3. Pay attention to the length 

The length of both your page title and meta description is a key consideration. Make either too short, and you won’t attract any customers or rank particularly well in search results. Make either too long, and you risk important information being cut off and disregarded by both searchers and search engines alike. 
 
Your page title should be around 60-65 characters in length, including spaces. An effective page title will be structured something like this: 
 
Primary Keyword – Secondary Keyword – Brand Name 
 
The ideal length for meta descriptions is around 150-155 characters. In late 2017, Google upped the character limit to 300 characters, but this was changed back to the standard length shortly after. 
 

4. Think specific, relevant, and interesting 

You only get one chance to make a first impression, and this is especially true in the search results. 
 
Your website metadata is essentially your advertising space, providing you with an opportunity to entice searchers onto your website by convincing them to choose your business over the competition. 
 
In order to do this, you need to write compelling page titles and meta descriptions that stand out and make potential customers want to learn more about your products and services. Use your metadata to tell searchers exactly what you’re offering, and why this sets you apart from everyone else. 
 

The dos and don’ts of metadata: 

Creating brilliant page titles and meta descriptions doesn’t need to be a difficult task, especially if you follow our tips for what to write and how. It’s also worth remembering these simple rules as you craft your metadata, to make sure it’s as effective as possible:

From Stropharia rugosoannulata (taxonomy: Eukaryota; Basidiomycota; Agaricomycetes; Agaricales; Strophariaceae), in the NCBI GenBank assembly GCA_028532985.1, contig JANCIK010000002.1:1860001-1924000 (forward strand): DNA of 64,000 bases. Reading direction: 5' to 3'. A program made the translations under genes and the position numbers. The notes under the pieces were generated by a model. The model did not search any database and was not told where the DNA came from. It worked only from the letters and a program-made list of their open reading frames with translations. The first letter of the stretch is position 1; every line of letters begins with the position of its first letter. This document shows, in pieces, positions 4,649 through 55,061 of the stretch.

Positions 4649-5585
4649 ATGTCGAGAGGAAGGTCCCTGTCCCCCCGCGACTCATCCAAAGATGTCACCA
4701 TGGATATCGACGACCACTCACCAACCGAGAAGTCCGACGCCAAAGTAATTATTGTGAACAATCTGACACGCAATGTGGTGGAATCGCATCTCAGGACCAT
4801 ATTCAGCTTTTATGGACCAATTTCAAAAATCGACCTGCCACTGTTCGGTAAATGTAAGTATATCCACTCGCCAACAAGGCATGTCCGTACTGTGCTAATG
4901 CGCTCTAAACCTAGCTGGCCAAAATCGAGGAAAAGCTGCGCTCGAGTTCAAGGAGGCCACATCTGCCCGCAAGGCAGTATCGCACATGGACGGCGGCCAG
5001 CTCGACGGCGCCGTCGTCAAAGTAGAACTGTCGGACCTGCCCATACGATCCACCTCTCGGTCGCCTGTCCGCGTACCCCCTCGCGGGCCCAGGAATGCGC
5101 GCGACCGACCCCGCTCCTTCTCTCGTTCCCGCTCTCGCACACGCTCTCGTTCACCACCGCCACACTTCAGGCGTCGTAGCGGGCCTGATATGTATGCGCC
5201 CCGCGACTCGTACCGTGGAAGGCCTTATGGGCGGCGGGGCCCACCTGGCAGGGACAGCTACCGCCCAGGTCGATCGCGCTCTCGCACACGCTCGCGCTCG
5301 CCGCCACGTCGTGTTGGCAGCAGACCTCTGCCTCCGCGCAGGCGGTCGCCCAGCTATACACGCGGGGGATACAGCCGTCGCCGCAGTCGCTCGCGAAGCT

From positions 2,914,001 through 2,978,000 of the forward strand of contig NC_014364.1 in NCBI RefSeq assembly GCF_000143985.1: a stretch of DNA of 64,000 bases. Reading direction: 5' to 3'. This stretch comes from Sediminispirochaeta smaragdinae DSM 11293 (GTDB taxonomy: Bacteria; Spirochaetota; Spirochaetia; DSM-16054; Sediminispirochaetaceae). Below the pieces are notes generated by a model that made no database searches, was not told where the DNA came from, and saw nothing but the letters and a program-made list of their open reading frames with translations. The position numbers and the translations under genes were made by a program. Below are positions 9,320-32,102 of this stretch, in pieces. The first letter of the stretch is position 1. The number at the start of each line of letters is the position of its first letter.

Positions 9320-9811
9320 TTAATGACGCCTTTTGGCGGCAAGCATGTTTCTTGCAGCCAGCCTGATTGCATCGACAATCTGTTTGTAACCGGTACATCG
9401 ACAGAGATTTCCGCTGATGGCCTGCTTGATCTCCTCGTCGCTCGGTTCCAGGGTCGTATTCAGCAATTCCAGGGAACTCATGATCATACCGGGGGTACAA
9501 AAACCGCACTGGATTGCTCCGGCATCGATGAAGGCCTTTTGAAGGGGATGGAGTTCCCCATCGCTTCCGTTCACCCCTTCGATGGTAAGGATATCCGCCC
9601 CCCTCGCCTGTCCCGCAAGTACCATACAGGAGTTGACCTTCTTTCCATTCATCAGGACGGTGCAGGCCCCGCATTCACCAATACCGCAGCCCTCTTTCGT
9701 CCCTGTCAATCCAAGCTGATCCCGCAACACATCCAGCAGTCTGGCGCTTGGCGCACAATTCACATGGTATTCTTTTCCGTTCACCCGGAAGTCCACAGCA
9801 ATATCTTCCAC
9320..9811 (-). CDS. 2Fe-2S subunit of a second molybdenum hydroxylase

DON’T panic – Not seeing the meta description you wrote in Google’s search results? Fear not! Sometimes, in order to better answer a searcher’s query, Google will create its own meta description for your website by pulling in text from elsewhere on your page that it deems more relevant. This means that a different meta description to the one you supplied will be displayed underneath your page title. 
 
DO write for humans – Although the aim of metadata is to help search engine optimise your website, you should always write for a human audience, not for search engines. Ultimately, your page title and meta description are there to attract visitors onto your site, so whilst it’s important to include keywords, make sure both parts of your metadata read naturally and don’t sound spammy. 
 
DON’T repeat yourself – It should be obvious by now that to rank well in search results, every page of your website will need a unique page title and meta description. This will help search engines understand that your website content is relevant and worth sharing with searchers. If you use duplicate page titles, you’ll only end up confusing search engines over which page to rank, which can lead to lower rankings in search results. 
 
DO keep things fresh – It’s a good idea to periodically update your website metadata to make sure your page titles and meta descriptions are as effective as they can be. This can help you boost the performance of older pages and reach more potential customers. Just make sure you’re not changing things around too much – it can take a while for any alterations to have an effect, so you want to allow ample time to test what works and what doesn’t. 
 
Done well, metadata can make a real difference to your website. Now that you know everything that goes into creating effective page titles and meta descriptions, it’s time to get out there and encourage more visitors to click through to your website. 
 
Don’t yet have a website to work your metadata magic on? We can help! We offer affordable web design services that are ideal for small to medium businesses, and editing your metadata couldn’t be easier. Get in touch with our friendly team today to find out more. 
 
Share this post:
Our site uses cookies. For more information, see our cookie policy. ACCEPT COOKIES MANAGE SETTINGS